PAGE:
News National George Christensen helps govt block debate on banking royal commission
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George Christensen helps govt block debate on banking royal commission

george christensen
George Christensen had again threatened to cross the floor and defy the PM, this time over a banking royal commission. Photo: AAP
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Maverick Queensland MP George Christensen has taken umbrage to Labor’s suggestion he has backed away from his support of a royal commission into the country’s major banks.

After declaring his support for a royal commission in various public forums in the last week, Mr Christensen voted against a Labor motion to ‘immediately consider’ a banking inquiry on Thursday night.

Mr Christensen told The New Daily on Friday he was still “100 per cent committed” to a royal commission on the banks, but wanted to see a draft Bill before voting on Labor’s motion.

His decision to vote against the proposal meant the Turnbull government was able to block debate on the issue by 75 votes to 74.

Tony burke
Tony Burke highlighted Mr Christensen’s vote on the banking commission. Photo: AAP

On Monday, Mr Christensen told The New Daily that he would “find it difficult” not to support a royal commission if it was put to the Parliament before the end of the year.

Mr Christensen said he was committed to seeing a royal commission established after his electorate office was inundated with complaints about ANZ’s treatment of farmers who had lost their properties.

He cited the experience of a local farmer in his electorate, Brett Fallon, who is now suing the bank, as having changed his view on the merits of a royal commission.

Mr Christensen issued a statement on Friday confirming his ongoing position on the issue. You can read the full statement below.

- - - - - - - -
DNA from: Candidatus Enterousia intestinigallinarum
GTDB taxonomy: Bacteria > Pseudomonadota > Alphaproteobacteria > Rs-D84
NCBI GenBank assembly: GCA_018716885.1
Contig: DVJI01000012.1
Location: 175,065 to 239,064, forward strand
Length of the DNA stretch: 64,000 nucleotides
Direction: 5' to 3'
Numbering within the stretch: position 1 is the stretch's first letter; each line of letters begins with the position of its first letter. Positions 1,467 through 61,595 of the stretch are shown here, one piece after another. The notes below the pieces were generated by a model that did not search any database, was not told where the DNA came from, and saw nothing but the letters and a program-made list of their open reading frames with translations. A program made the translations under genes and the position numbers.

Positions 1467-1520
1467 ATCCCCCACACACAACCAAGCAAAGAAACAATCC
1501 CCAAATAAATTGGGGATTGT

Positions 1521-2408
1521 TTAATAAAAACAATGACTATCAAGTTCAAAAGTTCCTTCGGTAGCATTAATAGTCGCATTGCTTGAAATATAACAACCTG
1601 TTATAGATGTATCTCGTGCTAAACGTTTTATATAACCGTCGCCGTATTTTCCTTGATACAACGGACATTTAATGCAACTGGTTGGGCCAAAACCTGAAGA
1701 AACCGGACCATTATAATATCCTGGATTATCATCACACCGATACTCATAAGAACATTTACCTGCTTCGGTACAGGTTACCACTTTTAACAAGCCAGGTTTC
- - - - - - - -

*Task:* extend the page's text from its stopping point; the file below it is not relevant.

Deputy Prime Minister Barnaby Joyce was quoted by Fairfax Media on Saturday as saying Mr Christensen has a future as a cabinet minister.

“I think at some stage in the future he is more than capable of running a portfolio and doing it well,” Mr Joyce said.

A war of words erupted on social media minutes after the vote was taken in the lower house, with Labor frontbencher Tony Burke highlighting Mr Christensen’s decision to vote against Labor’s motion.

The Queensland MP also came under attack from Twitter users who accused him of not backing up his rhetoric with action.

One critic said Mr Christensen was “all talk, no action” and another later wrote that the Nationals member was “full of it”.

A less polite account user advised the MP to “grow a pair”.

Mr Christensen said he had not voted against a royal commission, as such, but had “voted to defer the matter until next year”.

He also claimed that Labor’s motion would not have formally established a commission of inquiry.

“I’ve clearly stated I won’t support do-nothing motions on RC into banks but will support a bill & motions to allow debate & vote on a bill,” he wrote on Twitter.

Last week Mr Christensen was angered by Westpac’s decision to hike fixed rate mortgages and took to Facebook, saying he wanted a royal commission.

George Christensen’s full statement on a banking royal commission:

Last night, after a mammoth sitting of federal parliament where we resolved the backpacker tax situation, Labor pulled on a stunt regarding a Royal commission into the banks.

I had informed my colleagues earlier in the week that if a motion on the Royal commission came up for a vote I would not vote against it and I may abstain or vote for it.

A third option appeared last night. As we were already over time for the sitting, I voted with the government to defer the matter until the next sitting of parliament. I believe that was right and fair so we can do the matter justice instead of rushing it through late at night.

Senators and MPs who are lying or don’t know what they’re talking about are peddling the tall story that I voted against a Royal commission into banking. This is clearly not true. The Hansard record shows there were only two votes last night; one to debate the matter immediately and the other to defer the matter until the new year.

Furthermore, if you look at the detail of the motion that was put up to vote on, I’m sad to say it would not have delivered a Royal commission. It was more a parliamentary whinge than a motion of substance.

Now I have indicated publicly that I want to support a bill to establish a commission of inquiry and motions of substance that lead to action, not just motions that are about political point-scoring or whinging.

In the new year, I intend to sit down with the Clerk of the House of Representatives to work out how I can assist in getting a private member’s bill on establishing a Commission of Inquiry into the banks brought forward for a vote.

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